Do you know what it means to be truly emotionally intelligent? And do you know what it takes to put emotional intelligence into practice? According to Psychology Today, there are actually three skills involved in emotional intelligence:
- Awareness, not just of your own emotions, but also of those around you, as well.
- The ability to apply that awareness to problem solving and decision-making.
- The capacity to manage emotions, including controlling your own and helping to elevate others’ moods and/or de-escalate negative emotions in a tense situation.
As you no doubt already know, emotional intelligence is essential to both conscious leadership and personal development. It’s also a pretty big concept, but that does not mean that it has to be difficult to implement in your daily life. For a start you can practice these habits of highly emotionally intelligent leaders.
They Listen Actively and Deeply and Ask Questions
Emotionally intelligent leaders don’t talk over their employees, colleagues, friends, and/or family members. They also don’t just wait quietly for their turn to talk. They really listen to the thoughts and concerns of others. And, as they’re listening, they stay engaged and in tune with others’ emotions by asking questions. Simply asking for clarification or elaboration can make the person you’re speaking with feel more heard and more relevant, which will make them more open to you and your recommendations.
They Aren’t Afraid to Talk About Their Feelings
Men and women, alike, grow up being told not to be too emotional. Boys are generally taught not to discuss their feelings at all, but girls don’t have it any easier, either. While it’s generally more acceptable for women to “be emotional” and talk about their feelings, it’s also traditionally considered unprofessional or a sign of weakness.
Well, the paradigms are shifting, and with culture change come conscious leadership and emotional intelligence. Truly emotionally intelligent leaders are courageous and vulnerable enough to talk about how they feel. By opening up about their emotions in a professional and appropriate manner, they gain empathy with their colleagues and employees, and they have better access to more effective solutions to a whole range of problems and challenges.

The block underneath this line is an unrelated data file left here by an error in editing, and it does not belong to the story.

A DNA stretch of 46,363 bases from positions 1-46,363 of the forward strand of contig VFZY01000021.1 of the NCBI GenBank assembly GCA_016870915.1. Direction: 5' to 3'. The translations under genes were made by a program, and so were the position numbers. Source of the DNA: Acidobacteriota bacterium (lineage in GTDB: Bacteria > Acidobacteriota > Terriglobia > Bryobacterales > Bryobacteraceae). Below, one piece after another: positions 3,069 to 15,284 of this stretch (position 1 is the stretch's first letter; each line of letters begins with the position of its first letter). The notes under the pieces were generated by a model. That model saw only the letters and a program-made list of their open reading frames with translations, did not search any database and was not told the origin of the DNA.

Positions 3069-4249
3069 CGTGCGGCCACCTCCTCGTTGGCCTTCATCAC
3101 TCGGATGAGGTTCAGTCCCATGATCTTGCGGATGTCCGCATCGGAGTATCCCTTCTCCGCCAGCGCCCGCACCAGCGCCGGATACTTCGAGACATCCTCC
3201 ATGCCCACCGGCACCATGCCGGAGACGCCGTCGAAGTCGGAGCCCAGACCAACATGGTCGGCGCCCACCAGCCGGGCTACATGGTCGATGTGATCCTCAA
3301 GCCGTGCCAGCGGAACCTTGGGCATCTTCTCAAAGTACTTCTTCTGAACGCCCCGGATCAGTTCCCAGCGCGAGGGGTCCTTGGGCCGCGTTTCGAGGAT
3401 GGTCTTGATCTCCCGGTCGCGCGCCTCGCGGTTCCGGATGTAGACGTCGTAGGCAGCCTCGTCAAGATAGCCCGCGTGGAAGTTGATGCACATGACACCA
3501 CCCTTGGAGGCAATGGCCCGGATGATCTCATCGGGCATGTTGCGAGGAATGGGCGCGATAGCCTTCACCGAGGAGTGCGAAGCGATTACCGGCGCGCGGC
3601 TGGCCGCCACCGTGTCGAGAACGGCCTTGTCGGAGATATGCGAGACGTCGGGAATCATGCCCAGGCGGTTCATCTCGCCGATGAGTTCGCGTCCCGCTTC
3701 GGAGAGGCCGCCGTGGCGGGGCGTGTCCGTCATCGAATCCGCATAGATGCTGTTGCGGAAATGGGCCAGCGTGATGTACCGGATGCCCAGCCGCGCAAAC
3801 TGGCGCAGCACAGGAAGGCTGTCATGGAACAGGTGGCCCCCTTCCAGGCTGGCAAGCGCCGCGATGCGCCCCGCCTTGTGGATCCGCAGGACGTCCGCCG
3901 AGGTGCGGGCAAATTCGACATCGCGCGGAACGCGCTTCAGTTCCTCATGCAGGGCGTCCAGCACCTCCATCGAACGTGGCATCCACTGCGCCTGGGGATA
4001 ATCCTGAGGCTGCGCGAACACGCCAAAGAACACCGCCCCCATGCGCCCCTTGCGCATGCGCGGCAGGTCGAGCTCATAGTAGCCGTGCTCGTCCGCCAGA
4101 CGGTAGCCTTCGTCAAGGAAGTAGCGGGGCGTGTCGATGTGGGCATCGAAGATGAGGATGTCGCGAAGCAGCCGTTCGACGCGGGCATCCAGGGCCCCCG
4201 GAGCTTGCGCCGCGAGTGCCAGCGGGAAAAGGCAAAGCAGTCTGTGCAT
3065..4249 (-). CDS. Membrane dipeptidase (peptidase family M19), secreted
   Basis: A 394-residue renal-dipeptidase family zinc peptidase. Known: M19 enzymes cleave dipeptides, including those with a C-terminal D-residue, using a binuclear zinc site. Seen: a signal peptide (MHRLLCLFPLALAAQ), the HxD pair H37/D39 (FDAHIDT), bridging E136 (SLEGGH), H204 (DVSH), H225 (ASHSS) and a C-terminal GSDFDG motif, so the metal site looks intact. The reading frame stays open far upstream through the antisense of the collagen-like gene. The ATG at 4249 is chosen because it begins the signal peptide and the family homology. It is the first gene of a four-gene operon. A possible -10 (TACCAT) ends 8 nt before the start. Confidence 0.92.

They Take Time to Reflect on Their Emotions
If you talk to some of the most emotionally intelligent leaders you’ll ever meet, you’ll find that a lot of them have this one thing in common. They all take time each morning (even just a couple of minutes) to assess how they’re feeling and why. They might do it through meditation or journaling, gratitude exercises or reflection time.
If they wake up feeling stressed and tense, they’ll take a moment to analyze what’s causing that stress and how they can approach the problem with a constructive solution. Then they can relinquish some of that tension and anxiety to start the day with a fresh attitude, set intentions and the zeal to take on any challenge.
Emotionally intelligent people don’t try to suppress their emotions. They notice thoughts, triggers and the resulting feelings, and regulate their own response to it. They don’t act out on them, but they work to understand the sources of their feelings and the “why?” of the matter. All of these habits help them do this, and they all contribute to deeper emotional intelligence and better leadership.
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